After Thursday's short program, Mirai Nagasu, Sasha Cohen and Rachael Flatt (pictured) were in a virtual tie, with less than a point separating the trio who topped the standings. The proving ground of Saturday's free skate likely elevated Flatt and Nagasu to spots on the Olympic team, and showed that Cohen wasn't quite ready to return to the competitive world.
Cohen, a two-time Olympian and silver medalist in Torino, landed her first two jumping passes awkwardly before falling down on a triple flip. Her final score put Cohen in fourth place. She seemed resigned to her fate as she skated off the ice, but wasn't upset when talking to NBC after her performance.
"There wasn't sadness and there wasn't regrets," Cohen said.
Flatt was the star of the evening, winning the national championship with a routine packed with difficulty. Her bubbly routine to Rachmaninov's "Rhapsody on a Theme of Paganini" was technically impressive while still hitting artistic marks. She hit a triple-triple combination -- a triple flip and a triple toe loop -- which will help her keep pace with some of the best skaters at the Olympics. Flatt's routine scored her 200.11, easily besting her previous top U.S. score of 188.73.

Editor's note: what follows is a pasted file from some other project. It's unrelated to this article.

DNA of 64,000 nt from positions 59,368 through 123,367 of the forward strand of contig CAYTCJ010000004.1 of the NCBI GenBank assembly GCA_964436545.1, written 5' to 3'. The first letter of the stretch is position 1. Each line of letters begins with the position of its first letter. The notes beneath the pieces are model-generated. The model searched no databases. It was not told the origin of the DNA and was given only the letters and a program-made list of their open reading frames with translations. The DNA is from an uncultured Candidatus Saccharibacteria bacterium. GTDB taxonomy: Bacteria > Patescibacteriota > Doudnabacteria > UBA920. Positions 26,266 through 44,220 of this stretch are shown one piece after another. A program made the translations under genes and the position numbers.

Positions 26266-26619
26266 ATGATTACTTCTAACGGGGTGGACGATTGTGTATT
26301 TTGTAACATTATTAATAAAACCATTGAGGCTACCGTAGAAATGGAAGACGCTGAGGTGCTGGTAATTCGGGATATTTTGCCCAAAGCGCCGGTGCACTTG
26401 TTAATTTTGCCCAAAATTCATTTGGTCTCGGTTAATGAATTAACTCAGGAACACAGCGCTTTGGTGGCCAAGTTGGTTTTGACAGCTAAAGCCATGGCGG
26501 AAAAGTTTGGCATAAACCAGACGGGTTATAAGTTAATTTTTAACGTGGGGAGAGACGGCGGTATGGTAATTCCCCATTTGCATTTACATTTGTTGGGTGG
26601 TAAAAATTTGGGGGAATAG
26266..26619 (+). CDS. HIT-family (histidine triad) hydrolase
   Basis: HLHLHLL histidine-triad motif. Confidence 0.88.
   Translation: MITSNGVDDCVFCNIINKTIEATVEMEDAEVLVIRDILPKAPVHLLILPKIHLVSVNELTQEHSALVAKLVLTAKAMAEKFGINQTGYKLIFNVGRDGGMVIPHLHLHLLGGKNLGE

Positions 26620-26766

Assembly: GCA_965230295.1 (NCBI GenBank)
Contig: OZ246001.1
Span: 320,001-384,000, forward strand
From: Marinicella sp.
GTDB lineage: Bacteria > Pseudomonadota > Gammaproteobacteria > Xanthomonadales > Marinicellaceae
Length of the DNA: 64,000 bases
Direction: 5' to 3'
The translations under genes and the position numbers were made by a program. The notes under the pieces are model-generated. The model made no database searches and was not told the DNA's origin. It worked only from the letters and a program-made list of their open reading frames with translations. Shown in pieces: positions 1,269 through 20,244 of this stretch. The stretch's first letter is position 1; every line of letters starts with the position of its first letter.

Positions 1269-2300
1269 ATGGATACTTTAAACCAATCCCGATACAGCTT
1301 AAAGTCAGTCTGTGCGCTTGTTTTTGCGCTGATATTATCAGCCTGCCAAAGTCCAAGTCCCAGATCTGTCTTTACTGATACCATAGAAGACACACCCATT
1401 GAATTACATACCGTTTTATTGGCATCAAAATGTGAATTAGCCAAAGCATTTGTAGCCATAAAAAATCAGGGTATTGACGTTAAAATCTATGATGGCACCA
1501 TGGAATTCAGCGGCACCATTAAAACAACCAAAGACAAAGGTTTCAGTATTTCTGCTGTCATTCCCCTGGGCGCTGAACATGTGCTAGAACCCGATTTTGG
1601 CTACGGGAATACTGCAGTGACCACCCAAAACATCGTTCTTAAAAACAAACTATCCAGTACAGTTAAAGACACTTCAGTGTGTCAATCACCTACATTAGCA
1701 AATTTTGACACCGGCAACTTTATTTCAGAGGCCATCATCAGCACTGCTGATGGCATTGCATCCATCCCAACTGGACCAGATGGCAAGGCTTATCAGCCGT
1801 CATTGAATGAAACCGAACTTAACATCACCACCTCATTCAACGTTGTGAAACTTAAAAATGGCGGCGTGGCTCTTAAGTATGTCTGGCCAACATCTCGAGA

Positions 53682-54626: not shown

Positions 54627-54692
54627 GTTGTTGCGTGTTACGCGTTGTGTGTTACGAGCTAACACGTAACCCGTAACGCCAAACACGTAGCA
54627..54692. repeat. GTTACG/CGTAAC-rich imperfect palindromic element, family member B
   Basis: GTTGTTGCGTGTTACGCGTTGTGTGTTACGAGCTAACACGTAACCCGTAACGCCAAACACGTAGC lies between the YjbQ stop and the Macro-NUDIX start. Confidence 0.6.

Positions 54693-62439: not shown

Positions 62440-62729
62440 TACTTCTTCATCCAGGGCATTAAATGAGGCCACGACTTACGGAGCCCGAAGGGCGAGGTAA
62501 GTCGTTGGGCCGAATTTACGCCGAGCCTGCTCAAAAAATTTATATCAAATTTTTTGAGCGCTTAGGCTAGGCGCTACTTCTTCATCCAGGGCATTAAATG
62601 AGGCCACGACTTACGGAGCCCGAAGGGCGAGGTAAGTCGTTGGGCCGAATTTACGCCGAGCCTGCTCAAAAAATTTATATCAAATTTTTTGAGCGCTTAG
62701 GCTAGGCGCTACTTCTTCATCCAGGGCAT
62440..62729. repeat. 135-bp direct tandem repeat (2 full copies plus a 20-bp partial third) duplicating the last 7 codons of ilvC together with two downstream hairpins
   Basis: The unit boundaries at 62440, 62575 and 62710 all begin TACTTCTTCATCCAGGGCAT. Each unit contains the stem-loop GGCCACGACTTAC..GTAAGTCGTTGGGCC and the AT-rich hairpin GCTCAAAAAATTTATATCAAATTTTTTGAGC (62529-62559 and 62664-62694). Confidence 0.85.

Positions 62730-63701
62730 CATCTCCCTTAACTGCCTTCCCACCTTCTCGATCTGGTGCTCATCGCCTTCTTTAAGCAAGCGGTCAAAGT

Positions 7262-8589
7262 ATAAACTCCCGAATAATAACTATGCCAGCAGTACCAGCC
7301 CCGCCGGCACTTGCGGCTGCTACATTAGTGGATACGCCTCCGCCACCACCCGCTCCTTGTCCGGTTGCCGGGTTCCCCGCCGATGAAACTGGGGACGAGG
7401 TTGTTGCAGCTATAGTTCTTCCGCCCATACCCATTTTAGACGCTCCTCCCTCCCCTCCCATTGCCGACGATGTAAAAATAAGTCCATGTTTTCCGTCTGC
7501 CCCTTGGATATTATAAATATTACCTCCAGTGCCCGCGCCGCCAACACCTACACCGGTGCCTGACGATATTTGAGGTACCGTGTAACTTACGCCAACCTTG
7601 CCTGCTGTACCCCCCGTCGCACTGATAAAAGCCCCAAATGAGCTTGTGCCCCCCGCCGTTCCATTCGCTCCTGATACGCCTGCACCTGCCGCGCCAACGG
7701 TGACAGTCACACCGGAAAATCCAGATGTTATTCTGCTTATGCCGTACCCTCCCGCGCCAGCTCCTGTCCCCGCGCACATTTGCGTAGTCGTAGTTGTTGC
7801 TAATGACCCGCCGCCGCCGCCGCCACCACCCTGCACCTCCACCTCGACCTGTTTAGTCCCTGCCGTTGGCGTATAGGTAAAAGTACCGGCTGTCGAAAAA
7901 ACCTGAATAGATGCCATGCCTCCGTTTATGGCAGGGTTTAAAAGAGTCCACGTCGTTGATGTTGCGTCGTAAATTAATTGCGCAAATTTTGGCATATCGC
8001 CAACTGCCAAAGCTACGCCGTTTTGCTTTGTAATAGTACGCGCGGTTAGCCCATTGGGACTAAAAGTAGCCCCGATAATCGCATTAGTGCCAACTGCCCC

Nagasu followed up her memorable short program with a high-flying free skate. She didn't have quite the technical difficulty of Flatt and under-rotated a few of her jumps, giving her a score of 188.78.
The odd woman out was Ashley Wagner, Brian Boitano's protege who hit her routine perfectly, but her poor score from the short program prevented her from competing with Flatt and Nagasu.
The U.S. will now be represented in Vancouver by two relatively unknown teenagers. Both Nagasu and Flatt have skated internationally, but neither have the experience of some of their international competitors, like Kim Yu-Na of South Korea and Japan's Miki Ando and Mao Asada. However, Americans have surprised the figure skating competition in the past, so it's not a good idea to count out Flatt or Nagasu.